U.S. President Barack Obama signs the Dodd-Frank Wall Street Reform and Consumer Protection Act during a ceremony at the Ronald Reagan Building and International Trade Center in Washington, D.C., U.S., on Wednesday, July 21, 2010.
Bloomberg via Getty Images
By Bob Sullivan / Credit.com
July 8, 2015

Has financial reform been a sterling success or a terrible failure? Expect to hear a lot of opinions and posturing on the subject this month. July marks five years since Congress passed the most sweeping financial reform legislation since the Great Depression. The public reviews of what’s known as the Dodd-Frank reforms begin in earnest on Thursday when the House Financial Services Committee holds a hearing titled “Dodd-Frank Five Years Later: Are We More Stable?” Chairman Jeb Hensarling (R-Texas), is ready with his answer.

“Never before has more unchecked discretionary authority been given to unaccountable government bureaucrats,” he wrote while announcing the hearing. “Regrettably, the result is less freedom, fewer and more expensive choices, and reduced upward mobility for low and moderate income Americans.”

That perspective is out of step with the majority of Americans, says advocacy group Americans for Financial Reform. Together with the Center for Responsible Lending, the group beat the House Financial Services Committee to the punch, releasing a poll on Tuesday which shows there is widespread support – even among Republican voters — for Dodd-Frank and the Consumer Financial Protection Bureau it created.

The group says 91% of Americans agree that it is important to regulate financial services and products to make sure they are fair for consumers. By nearly a 3:1 margin, voters want to see more, not less, oversight and regulation of financial companies, the survey found, and fewer than a quarter believe tough regulations on Wall Street will hurt the U.S. economy.

Both Republicans and Democrats support the CFPB, though Republicans less so, the group says. When asked to agree that either the CFPB is needed to regulate banks, or the CFPB is another “bureaucracy we don’t need,” 85% of Democrats and 66% of Republicans supported the CFPB.

“Everybody talks about polarization in America. Well, if you are looking for an issue with bipartisan consensus in real America … you find it in financial reform,” said Celinda Lake of Lake Research, which conducted the survey of likely American voters in recent weeks.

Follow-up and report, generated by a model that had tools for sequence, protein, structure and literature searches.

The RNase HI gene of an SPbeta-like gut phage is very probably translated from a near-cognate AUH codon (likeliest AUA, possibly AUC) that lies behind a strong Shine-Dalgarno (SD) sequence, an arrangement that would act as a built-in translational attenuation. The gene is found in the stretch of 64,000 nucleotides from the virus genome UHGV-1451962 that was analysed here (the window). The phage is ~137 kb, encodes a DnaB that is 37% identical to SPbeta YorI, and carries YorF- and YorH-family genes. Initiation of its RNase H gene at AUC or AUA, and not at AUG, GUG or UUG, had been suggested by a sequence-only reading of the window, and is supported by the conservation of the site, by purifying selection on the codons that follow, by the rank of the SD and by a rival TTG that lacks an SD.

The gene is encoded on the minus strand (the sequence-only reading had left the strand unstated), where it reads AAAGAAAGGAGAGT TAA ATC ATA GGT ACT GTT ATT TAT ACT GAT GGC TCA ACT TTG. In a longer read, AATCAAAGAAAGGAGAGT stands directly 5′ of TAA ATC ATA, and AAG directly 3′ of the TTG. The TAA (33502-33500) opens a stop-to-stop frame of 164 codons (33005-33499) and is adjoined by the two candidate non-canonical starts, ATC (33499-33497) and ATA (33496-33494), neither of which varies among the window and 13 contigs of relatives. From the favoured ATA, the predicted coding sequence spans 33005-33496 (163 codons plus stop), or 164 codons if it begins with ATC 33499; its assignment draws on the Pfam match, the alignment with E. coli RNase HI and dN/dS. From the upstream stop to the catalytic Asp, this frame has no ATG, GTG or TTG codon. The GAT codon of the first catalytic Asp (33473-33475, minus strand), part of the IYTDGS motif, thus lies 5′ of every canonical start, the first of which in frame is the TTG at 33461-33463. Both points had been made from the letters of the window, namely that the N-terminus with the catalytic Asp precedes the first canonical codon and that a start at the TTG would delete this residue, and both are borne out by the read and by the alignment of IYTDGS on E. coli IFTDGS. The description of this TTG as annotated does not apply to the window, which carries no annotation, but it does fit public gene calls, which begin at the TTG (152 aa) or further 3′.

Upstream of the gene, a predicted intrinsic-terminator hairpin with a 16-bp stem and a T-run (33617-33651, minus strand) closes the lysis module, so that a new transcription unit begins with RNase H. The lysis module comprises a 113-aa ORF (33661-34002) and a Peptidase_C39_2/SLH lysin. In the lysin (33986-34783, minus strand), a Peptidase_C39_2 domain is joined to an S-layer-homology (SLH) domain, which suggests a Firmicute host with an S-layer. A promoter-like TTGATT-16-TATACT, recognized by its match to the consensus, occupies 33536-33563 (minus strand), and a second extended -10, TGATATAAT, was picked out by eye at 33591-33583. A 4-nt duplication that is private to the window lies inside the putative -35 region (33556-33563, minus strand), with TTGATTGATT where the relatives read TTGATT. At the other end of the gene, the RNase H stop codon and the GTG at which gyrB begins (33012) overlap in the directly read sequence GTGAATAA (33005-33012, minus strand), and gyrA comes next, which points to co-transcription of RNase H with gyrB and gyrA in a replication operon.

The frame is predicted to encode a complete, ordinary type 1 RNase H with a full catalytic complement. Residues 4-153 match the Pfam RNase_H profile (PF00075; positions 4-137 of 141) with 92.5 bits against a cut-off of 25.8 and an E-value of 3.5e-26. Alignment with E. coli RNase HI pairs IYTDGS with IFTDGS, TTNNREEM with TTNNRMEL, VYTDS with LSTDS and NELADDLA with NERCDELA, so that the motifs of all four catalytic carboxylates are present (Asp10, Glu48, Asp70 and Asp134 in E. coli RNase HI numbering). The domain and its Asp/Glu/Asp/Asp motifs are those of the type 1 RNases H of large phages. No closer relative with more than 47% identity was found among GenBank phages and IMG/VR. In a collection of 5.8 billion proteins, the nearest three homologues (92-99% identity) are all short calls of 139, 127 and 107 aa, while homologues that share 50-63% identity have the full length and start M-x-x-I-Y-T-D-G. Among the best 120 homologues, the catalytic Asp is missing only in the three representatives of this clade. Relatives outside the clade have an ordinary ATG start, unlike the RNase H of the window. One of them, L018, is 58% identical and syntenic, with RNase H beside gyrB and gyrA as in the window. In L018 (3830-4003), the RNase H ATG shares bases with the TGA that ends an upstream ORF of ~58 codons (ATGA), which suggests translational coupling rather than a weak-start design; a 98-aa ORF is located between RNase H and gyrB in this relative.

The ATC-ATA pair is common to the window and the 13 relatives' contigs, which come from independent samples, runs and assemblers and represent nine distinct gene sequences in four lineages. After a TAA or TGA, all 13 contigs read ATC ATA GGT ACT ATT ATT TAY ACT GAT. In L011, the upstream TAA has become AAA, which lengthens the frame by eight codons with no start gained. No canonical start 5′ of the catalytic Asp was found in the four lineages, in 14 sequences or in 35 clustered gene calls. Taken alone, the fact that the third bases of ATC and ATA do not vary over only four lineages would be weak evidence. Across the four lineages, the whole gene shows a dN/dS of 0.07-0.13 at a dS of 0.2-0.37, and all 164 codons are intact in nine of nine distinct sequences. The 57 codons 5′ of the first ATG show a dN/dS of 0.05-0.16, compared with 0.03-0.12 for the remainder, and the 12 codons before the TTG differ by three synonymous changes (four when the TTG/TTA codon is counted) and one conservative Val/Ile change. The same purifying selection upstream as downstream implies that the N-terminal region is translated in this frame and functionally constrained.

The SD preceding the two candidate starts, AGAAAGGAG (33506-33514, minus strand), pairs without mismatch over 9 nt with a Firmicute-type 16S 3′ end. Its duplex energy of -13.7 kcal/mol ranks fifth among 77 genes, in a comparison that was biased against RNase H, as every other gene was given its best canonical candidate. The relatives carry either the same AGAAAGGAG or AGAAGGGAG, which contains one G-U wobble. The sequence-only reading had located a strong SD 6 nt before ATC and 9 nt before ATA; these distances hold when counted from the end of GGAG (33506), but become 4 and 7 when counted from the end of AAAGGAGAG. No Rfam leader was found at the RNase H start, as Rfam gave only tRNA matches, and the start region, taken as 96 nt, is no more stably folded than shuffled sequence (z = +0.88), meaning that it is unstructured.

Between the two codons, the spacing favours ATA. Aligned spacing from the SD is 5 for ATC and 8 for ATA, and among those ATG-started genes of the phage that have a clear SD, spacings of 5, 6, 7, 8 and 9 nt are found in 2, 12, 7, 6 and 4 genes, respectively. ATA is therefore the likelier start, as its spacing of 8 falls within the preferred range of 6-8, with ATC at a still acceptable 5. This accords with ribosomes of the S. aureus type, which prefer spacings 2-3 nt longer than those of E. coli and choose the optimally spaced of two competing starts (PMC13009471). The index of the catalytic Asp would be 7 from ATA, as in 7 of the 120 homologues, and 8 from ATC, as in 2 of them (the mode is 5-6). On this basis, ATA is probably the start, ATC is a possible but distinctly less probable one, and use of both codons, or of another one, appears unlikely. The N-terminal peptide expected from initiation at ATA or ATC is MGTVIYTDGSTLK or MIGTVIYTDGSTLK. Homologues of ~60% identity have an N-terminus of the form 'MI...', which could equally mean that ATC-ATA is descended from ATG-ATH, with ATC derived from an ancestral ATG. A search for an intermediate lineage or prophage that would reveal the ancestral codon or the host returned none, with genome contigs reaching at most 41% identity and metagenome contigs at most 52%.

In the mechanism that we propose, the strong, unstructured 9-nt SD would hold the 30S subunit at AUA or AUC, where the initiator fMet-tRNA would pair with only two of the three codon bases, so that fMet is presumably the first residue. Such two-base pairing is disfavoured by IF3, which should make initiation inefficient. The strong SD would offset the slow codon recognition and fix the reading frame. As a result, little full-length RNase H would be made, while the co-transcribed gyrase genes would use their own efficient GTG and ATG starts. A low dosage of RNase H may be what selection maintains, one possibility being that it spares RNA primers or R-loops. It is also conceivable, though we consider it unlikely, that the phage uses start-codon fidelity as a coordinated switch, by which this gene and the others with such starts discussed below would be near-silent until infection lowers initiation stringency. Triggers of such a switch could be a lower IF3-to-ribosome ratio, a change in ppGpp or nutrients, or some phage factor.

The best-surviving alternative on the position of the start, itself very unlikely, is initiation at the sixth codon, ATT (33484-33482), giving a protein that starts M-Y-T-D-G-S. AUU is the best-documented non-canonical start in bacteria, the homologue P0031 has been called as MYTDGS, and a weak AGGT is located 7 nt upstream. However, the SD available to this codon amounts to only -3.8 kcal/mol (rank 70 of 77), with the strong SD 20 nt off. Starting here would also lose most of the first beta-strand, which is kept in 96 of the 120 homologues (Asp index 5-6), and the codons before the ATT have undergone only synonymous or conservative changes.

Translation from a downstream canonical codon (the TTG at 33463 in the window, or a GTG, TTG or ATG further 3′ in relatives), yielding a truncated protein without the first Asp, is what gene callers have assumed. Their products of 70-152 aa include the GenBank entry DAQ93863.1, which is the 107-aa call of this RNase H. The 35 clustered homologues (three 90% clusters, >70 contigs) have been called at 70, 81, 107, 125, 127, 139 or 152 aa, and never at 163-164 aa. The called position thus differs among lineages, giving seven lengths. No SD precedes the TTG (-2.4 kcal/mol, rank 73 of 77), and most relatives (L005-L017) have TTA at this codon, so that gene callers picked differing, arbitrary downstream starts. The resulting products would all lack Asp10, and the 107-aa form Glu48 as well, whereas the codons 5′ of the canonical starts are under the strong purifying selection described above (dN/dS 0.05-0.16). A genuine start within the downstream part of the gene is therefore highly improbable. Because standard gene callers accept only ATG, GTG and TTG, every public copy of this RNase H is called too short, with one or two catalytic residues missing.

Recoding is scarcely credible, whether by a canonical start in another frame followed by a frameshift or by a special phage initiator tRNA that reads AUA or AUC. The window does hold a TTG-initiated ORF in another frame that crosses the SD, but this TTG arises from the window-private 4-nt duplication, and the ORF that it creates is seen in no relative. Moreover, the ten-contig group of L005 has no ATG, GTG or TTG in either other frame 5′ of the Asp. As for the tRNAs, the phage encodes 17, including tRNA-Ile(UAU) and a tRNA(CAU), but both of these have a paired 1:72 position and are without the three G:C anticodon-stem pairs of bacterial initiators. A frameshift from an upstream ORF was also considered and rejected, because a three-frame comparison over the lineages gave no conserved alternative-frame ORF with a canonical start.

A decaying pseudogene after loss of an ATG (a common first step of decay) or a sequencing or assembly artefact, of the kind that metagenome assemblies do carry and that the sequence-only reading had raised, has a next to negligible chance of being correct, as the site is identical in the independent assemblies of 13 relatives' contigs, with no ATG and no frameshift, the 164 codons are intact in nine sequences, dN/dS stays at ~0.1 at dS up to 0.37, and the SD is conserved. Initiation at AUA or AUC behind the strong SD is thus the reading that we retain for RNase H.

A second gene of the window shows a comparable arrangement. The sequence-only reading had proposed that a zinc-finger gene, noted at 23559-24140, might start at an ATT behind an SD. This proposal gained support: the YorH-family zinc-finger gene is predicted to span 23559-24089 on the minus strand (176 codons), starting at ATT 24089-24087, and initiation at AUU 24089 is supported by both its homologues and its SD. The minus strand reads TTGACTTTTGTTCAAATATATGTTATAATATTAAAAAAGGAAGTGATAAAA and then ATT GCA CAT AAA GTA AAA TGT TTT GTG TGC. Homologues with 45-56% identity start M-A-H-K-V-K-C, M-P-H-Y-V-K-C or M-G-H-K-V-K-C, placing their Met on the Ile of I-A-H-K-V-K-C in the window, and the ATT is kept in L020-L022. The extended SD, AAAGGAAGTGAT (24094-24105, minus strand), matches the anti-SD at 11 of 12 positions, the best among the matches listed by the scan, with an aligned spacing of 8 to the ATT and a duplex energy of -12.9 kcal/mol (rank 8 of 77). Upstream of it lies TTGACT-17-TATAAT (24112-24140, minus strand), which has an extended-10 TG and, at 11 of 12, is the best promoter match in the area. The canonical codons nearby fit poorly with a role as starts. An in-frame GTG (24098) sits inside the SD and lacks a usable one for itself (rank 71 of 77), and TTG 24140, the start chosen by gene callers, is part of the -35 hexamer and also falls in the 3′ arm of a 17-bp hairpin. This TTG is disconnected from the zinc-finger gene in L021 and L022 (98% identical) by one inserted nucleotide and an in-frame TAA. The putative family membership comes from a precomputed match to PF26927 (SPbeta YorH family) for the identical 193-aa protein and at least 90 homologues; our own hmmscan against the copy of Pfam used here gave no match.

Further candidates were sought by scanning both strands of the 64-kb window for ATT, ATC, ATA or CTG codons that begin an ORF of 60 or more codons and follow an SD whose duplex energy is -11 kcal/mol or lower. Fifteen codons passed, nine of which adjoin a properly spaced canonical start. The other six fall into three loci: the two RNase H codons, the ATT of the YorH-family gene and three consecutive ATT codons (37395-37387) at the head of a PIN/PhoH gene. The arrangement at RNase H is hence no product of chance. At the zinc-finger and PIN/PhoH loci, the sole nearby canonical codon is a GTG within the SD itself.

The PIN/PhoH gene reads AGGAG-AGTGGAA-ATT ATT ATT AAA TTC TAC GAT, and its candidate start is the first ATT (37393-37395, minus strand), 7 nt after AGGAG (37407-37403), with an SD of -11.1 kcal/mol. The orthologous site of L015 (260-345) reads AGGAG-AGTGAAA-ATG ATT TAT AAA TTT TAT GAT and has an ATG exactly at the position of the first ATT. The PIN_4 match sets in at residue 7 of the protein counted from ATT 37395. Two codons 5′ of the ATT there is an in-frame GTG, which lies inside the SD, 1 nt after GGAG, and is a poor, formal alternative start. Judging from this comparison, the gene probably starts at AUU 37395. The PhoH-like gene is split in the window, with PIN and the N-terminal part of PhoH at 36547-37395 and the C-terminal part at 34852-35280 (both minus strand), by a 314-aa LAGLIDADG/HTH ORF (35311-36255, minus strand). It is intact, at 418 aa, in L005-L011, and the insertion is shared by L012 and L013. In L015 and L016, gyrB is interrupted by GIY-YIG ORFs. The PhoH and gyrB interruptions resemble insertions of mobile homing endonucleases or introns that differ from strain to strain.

Results have remained steady from past years’ surveys, Lake said, suggesting to her that Americans’ opinions on financial regulation have become a “core attitude.”

Dodd-Frank went far beyond creation of the CFPB, however. It’s such a massive overhaul of the banking systems that it’s hard to boil the law down to a single up or down sentiment. Law firm Davis Polk, which specializes in helping firms track Dodd-Frank regulations, has an online tracker which indicates that even after five years, only 238 of the 390 required rule-makings have been completed.

“Whether we like it or not, Dodd-Frank is the single most sweeping rewrite of our financial services laws since the New Deal. We would be negligent if we did not constantly monitor its implementation and impact,” Hensarling, the Republican House member, said.

The opinion you can expect to hear from Republicans on Thursday, and at two other Congressional five-year anniversary hearings scheduled this month, is that Dodd-Frank has failed to deliver on core promises like ending “too big to fail” and increasing financial stability.

“Instead, five years later the big banks are bigger, the small banks are fewer and the economy remains moribund,” Hensarling said. “Low- and moderate-income Americans have lost free checking, seen small business lines of credit evaporate, and it’s now harder for them to achieve financial independence.”

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